QUICK SNAP: LIVE FROM THE TALLINN BLACK NIGHTS FILM FESTIVAL
Have you ever heard of Blockchain? If you haven’t, you certainly will very soon. The new technology is often compared to the Internet, and many people hazard a guess that we are on the brink of a Blockchain revolution. But what is it all about? Blockchain is simply the safe and decentralised storage of data. It’s the system that enabled the mother of all cryptocurrencies, Bitcoin. You may also call it tokenisation, fragmentation. The main point is: the data is removed from hands of the large organisations that hold our information centrally (ISPs, government, Google, Amazon and so on). Power is handed back to the people.
Not everyone is very enthusiastic about Blockchain. Merryl Lynch and other bankers argue that Bitcoin is a Ponzi scheme, a bubble or simply a fad. The US government is not a big fan, either. These organisations do not wish to see people move money independently and in an entirely deregulated space. The US government has a habit of persecuting hackers who challenge their orthodox and highly centralised data structured. They drove Aaron Swartz to suicide at the age of just 27, and they attempted to extradite British Lauri Love (despite the fact that he had never been on US soil). Lauri’s judicial ordeal is one of the film’s centrepieces. Fortunately, the Supreme Court of the UK ruled in favour of the 33-year-old autistic activist/hacker.
Others argue that Bitcoin is an important empowerment tool for struggling economies. The documentarist visits people in Kenya and finds out how Blockchain/Bitcoin is changing their lives. The government of North Korea and Venezuela are also avid users, Maduro having created his very own cryptocurrency. Putin also believes that Blockchain/Bitcoin could herald a new age: “The Stone Age came to an end not because we ran out of stones, but because new technologies were created”.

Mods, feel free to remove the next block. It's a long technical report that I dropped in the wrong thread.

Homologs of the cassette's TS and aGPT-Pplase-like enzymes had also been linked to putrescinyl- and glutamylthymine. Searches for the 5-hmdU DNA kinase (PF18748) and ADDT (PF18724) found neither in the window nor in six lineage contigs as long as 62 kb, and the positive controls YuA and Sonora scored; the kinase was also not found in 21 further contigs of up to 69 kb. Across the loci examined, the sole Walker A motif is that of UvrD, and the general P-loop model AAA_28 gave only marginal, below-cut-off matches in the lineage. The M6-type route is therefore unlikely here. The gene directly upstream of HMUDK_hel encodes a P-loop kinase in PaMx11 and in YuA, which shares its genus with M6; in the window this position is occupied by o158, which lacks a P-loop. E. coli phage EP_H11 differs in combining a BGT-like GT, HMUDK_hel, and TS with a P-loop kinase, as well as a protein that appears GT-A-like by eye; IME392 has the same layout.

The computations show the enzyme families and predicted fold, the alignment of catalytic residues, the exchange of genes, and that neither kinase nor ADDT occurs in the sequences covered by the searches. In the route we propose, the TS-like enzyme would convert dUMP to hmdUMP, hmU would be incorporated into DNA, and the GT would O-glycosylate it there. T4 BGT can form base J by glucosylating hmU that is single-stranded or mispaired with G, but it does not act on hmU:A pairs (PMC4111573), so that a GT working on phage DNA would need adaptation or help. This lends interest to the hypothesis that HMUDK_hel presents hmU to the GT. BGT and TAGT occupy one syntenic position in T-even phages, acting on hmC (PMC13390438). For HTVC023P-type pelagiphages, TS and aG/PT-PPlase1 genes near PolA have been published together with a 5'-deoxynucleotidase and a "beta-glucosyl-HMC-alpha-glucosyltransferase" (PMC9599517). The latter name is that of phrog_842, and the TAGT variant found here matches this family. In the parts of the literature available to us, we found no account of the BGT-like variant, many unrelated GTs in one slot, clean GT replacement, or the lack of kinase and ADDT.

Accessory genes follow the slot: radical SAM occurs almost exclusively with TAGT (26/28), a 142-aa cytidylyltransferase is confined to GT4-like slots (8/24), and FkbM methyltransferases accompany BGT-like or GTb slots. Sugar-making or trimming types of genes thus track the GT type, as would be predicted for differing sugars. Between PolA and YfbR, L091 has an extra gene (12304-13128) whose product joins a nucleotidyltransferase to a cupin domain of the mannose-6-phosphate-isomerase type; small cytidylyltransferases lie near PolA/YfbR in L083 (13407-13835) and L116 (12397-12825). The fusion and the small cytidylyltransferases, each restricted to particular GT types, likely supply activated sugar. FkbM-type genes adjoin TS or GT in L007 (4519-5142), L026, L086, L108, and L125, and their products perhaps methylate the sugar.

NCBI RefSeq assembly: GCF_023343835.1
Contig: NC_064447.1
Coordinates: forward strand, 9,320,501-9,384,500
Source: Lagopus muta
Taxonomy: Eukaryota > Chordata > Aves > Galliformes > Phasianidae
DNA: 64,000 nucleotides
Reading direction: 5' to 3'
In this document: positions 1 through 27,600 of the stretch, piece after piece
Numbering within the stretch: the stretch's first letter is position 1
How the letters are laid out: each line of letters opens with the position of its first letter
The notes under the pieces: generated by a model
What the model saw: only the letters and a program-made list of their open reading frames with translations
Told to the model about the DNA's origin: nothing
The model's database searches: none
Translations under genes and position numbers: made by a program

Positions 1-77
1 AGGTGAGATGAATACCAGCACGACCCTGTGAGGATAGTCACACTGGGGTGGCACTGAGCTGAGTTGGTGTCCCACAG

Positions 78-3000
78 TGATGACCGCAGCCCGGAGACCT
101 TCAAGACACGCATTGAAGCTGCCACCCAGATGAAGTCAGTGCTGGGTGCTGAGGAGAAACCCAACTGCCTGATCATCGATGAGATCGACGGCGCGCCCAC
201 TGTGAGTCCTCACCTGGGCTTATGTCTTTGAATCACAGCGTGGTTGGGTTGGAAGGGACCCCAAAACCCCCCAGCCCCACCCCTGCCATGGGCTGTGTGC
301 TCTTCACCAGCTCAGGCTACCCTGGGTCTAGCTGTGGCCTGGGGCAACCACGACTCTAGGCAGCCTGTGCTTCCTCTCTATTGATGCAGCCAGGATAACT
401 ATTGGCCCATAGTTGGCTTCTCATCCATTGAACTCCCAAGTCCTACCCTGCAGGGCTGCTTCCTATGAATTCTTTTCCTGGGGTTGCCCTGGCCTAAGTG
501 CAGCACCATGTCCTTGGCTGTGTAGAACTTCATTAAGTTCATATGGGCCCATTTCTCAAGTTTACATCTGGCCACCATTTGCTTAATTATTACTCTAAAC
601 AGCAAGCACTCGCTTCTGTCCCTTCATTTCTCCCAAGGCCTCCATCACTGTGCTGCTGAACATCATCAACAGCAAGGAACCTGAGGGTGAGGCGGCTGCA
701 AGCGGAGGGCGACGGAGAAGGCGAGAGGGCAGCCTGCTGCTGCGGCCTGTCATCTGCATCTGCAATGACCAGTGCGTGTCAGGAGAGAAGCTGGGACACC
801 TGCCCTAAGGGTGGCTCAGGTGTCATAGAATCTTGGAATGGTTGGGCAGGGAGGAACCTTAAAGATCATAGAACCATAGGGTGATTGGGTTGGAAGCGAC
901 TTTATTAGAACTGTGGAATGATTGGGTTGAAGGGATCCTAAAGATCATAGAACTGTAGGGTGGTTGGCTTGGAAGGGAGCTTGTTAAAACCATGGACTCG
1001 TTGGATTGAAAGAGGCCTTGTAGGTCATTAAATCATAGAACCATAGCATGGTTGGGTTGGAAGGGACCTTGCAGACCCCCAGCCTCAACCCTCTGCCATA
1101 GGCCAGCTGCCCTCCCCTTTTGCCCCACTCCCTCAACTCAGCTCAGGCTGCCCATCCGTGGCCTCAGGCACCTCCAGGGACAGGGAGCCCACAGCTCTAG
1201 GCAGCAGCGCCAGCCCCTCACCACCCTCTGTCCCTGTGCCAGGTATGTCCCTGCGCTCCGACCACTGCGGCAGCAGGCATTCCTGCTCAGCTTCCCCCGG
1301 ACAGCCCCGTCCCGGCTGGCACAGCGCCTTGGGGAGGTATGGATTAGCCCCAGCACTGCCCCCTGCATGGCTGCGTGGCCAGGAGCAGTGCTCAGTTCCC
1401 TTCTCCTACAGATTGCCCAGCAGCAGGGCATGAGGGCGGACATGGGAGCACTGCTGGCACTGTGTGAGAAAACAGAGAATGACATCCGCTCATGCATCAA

Blockchain isn’t confined to Bitcoin (and the hundreds of cryptocurrencies that have since mushroomed in every corner of the planet). The film also investigates a pilot in Unicef (vulnerable people can collect food locally via iris recognition; pictured at the top), a solar energy sharing scheme and also, very significantly, the music industry. Musicians and composers suffered enormous losses with the advent of centralised Internet applications such as Napster, with their record sales virtually vanishing from the face of the Earth. They could now take control again by setting up their own Blockchain. British artist Imogen Heap already does it, and this helps her to fund both herself and the causes for which she stands.
But not everything also Blockchain and Bitcoin is liberating. The identity of the creator of Bitcoin is shrouded in mystery. His fictitious name is Satochi Nakamoto, but he could be a man, a company or a “woman in Arkansas”, he film suggests*. He’s some sort of Bansky of the technology world. Also, Blockchain isn’t always environment-friendly. The memory cards are constantly exposed and expelling heats, and requires constant cooling (fans or air conditioning). One topic that the film did does address is the security of such data. I did not feel confident about storing my information locally on a makeshift pile of cards with five fans precariously pointing at them.
Trust Chain: The Story of Blockchain shows at the 22nd Tallinn Black Nights Film Festival, which is taking place right now.
*Satoshi Nakamoto has now revealed his real identity and the evidence to support it. He’s real name is Craig Wright, and he’s an investor from Australia. This only happened after the film was completed.